Bangladeshi crooner who started her career from Pakistan film industry – Runa Laila, famous for gems like ‘Dama Dam Mast Kalandar’, and ‘Mera Babu Chail Chabila’ was in Montreal recently. Syncmag met her and came away regaled.
Staid and sedate, Runa Laila’s mesmeric voice stole the hearts of crowd at concert, it is a voice that has voyaged continuously over the last four-and-a-half decades, between genres and through the Subcontinent.
Born in Sylhet, East Pakistan (now Bangladesh), in 1952, Runa’s parents wanted her to be a dancer and made her learn Kathak and Bharat Natyam. Singing, she says, she learned by chance. “My elder sister Dina (who passed away in 1976) was learning classical music. I picked up whatever she was taught quite easily and her teacher decided to teach me too.”
It was chance again which led her to stardom.
“My father, Syed Mohammed Imdad Ali was a civil servant posted in Karachi. My sister and I went to school there and she was selected to represent the school at an inter-school competition. On the day of the competition, Dina developed a sore throat so my parents made me participate instead. I won the competition and even three years later people remembered my voice and I got a chance to sing two songs in the Pakistani film Jugnu.”
Her first song, Gudiya si munni meri bhaiya ki pyari was picturised on a male child artiste and her next, Marna bhi nahin aasan was about unrequited love.
“My parents weren’t sure if I could pull off a romantic song as I was just 12. The director told me to simulate crying and I really started crying.”
Runa holds the world record for doing the maximum number of recordings in a day. The crooner confirms that it’s indeed the case.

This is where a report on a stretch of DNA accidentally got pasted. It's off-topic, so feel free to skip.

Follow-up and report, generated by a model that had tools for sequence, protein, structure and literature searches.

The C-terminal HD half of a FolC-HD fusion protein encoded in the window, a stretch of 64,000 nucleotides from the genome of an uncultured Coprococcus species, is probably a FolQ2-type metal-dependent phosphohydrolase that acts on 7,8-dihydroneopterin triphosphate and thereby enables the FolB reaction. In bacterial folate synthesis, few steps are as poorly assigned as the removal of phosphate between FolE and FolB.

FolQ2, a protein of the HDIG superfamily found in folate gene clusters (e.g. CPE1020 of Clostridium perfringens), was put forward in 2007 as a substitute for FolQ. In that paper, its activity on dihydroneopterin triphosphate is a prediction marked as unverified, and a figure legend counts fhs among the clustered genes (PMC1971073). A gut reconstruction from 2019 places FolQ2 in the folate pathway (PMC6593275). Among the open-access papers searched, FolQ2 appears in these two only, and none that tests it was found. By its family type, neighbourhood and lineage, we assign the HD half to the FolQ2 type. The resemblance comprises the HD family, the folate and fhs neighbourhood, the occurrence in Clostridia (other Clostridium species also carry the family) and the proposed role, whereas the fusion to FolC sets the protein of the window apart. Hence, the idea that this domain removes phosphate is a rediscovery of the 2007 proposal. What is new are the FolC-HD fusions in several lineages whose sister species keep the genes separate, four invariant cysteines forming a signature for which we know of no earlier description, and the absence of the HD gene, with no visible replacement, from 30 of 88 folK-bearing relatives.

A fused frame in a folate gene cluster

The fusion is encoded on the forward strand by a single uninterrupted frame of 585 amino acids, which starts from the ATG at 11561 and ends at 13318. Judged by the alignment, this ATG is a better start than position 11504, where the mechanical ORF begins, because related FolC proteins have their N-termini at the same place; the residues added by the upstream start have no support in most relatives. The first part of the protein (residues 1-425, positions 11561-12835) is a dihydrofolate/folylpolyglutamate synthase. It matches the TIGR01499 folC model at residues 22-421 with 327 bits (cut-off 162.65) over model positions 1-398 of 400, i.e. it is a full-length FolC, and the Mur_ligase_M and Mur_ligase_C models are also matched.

“Concorde Records wanted me to rerecord the album Ghazal Aur Geet, which was originally recorded in Karachi. We recorded 30 songs in three days at Western Outdoors. I remember Daman Sood was the recordist. These weren’t live recordings in the true sense. We could take breaks but yes, it was with live musicians. The music wasn’t punched later on, as it is nowadays.”
Runa has also sung versions of Mehdi Hassan’s ghazals, which became quite famous. She attributes this to chance as well.
“I learnt music from Pandit Ghulam Qadir, who was Mehdi saab’s elder brother. He gave music to some of his best ghazals and taught me most of them. Hence, the finesse that you see in my rendering of Ranjish hi sahi is because of his blessings.”
In her music career, Runa has won many prestigious awards like the Independence Day Award in 1977 and two national film awards. She has also won more than one hundred awards from various countries. Prominent among them are the Saigal Award in India and two Nigar Awards in Pakistan.
• Runa Laila-Kala Sha Kala 23 March 2010
• Runa Laila – Moods & Emotions 1 December 2008
• The Loves of Runa Laila
• Ganga Amar Ma Padma Amar Ma-Runa Laila
• Superuna 1 December 1982
• Runa Goes Disco 1 September 1982
• Runa Sings Shahbaz Qalandar 1 September 1982
• Geet / Ghazals 1 September 1976
• Runa in Pakistan (Geet) 1 December 1980
• Runa in Pakistan (Ghazals) 1 December 1980
• Sincerely Yours Runa Laila
• I Love to Sing for You